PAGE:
Mazuz backs Lador, slams Neeman's plan

Mazuz publicly slams Nee

November 6, 2009 18:12
4 minute read.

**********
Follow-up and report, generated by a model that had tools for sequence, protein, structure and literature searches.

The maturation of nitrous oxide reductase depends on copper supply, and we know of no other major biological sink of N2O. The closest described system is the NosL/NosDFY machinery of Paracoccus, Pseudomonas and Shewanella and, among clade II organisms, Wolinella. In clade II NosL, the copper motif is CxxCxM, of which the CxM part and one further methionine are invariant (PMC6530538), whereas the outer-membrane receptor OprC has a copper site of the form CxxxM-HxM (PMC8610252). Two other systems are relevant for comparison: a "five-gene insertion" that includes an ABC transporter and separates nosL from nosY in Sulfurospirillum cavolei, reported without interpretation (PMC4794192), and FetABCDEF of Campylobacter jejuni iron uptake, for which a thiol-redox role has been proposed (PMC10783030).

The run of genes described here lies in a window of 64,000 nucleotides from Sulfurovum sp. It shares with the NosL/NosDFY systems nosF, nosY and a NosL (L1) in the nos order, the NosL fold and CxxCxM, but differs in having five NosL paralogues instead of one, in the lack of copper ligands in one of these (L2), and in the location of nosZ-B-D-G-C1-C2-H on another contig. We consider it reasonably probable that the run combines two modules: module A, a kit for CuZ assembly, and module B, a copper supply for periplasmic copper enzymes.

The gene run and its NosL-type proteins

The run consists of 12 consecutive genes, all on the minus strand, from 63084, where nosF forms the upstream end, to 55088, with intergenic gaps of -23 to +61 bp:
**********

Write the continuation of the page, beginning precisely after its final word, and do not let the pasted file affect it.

Attorney-General Menahem Mazuz on Friday strongly defended State Attorney Moshe Lador's public letter to Justice Minister Yaakov Neeman criticizing the latter's plans to split the functions of the attorney-general and the State Attorney's Office. Mazuz charged that those who attacked Lador - presumably including Neeman himself - were trying to divert the debate from substance to personalities. "I wish to make it clear I do not accept the criticism against the state attorney and the charges to the effect that 'how can an appointed civil servant criticize the minister in charge of him and that this is like a general who criticizes the minister of defense,'" Mazuz said. "These statements indicate a lack of understanding of the role of the state attorney. The state attorney is not answerable to the minister from a professional point of view. His powers to prosecute and appear in court were granted to him to protect the public interest. "When a person in the position of state attorney, like other responsible public positions, thinks the public interest is about to be harmed, he not only has the right, but the obligation to warn against it." Mazuz was speaking at the opening session of an annual conference sponsored by The Israel Forum for Law and Society and the Academic College-Netanya. Neeman, who was not present during Mazuz's speech, said later that the attorney-general's views were known and beyond that he had no comment to make. Mazuz added that Lador had expressed his opinion in internal ministry forums and in writing, "and the way to deal with his arguments is to address the substance and not turn it into a personal issue." Mazuz said he was not against re-examining the roles of the attorney-general and the State Attorney's Office but this should not be done the way Neeman had done it. "The minister contented himself with discrete consultations with various people. No one knows with whom he met, what he said, and what he heard. This type of consultation is insufficient regarding such an [important] issue." Regarding the plan that Neeman presented to the media last week, Mazuz said it was "very general. The plan says there will be a division between the attorney-general and the chief prosecutor. The rest deals with the procedures for appointing the two office-holders. "I don't think it can be called a plan. It does not answer an infinite number of very difficult questions regarding the implications of the program and how it intends to provide answers to a long list of questions." Mazuz also charged that since April, Neeman's arguments for splitting the functions of the attorney-general kept changing. First he said it was necessary because of the conflict of interests integral to the position, then because of the heavy burden of work on the attorney-general and then the failure of the attorney-general to devote enough attention to the war against crime. Mazuz said the charge that he could not devote enough attention to the war on crime was strange since it came at a time of major successes in that war. Furthermore, he warned that such massive changes in the structure of the State Attorney's Office was bound to weaken the campaign for a long time to come, since much energy would be diverted to the reorganization. Regarding the implications of the change, Mazuz warned that the first thing that would happen was that the position of legal adviser to the government would be politicized and the government would appoint a pliable adviser. The only reason this had not already happened even though there had been a recent attempt to do so was because the legal adviser was also the head of the prosecution and it was widely accepted that this position could not be political. The consequence of having a politicized legal adviser was that no one would take him, or the ministry legal advisers who operate under him, seriously and the government would be free to do whatever it pleased unless stopped by the courts. Many instances of corruption are too small to reach the courts, he noted. "They are either stopped by the ministry legal advisers or they are not stopped at all," said Mazuz. Furthermore, the two major tasks of the attorney-general, to prevent corruption in government and to fight organized crime, would collapse if the functions of the attorney-general were split. "The powers of law enforcement, legal advice and legislation that are united in the powers of the attorney-general are crucial for the joint integrated functioning of the law enforcement and legal advice powers on the one hand, and the cooperation among all the enforcement authorities on the other," said Mazuz. "This union of prerogatives under one central authority makes it possible to deal holistically and effectively with criminal actions as well as government corruption. "Splitting the functions of the attorney-general and the separation between the criminal and the civil-economic-administrative functions of the current State Attorney's Office will cause serious damage to the cooperation between the various areas and systems. Without this integrated activity, all of the momentum in the struggle against the crime families and government corruption will be halted and we will go back to treading water." With regard to the fight against government corruption, Mazuz said, "we must ask ourselves whether a weakened prosecution in the wake of the proposed split would be able to cope by itself with the wave of corruption of the past few years. The timing of the initiative to split the State Attorney's Office is troubling."

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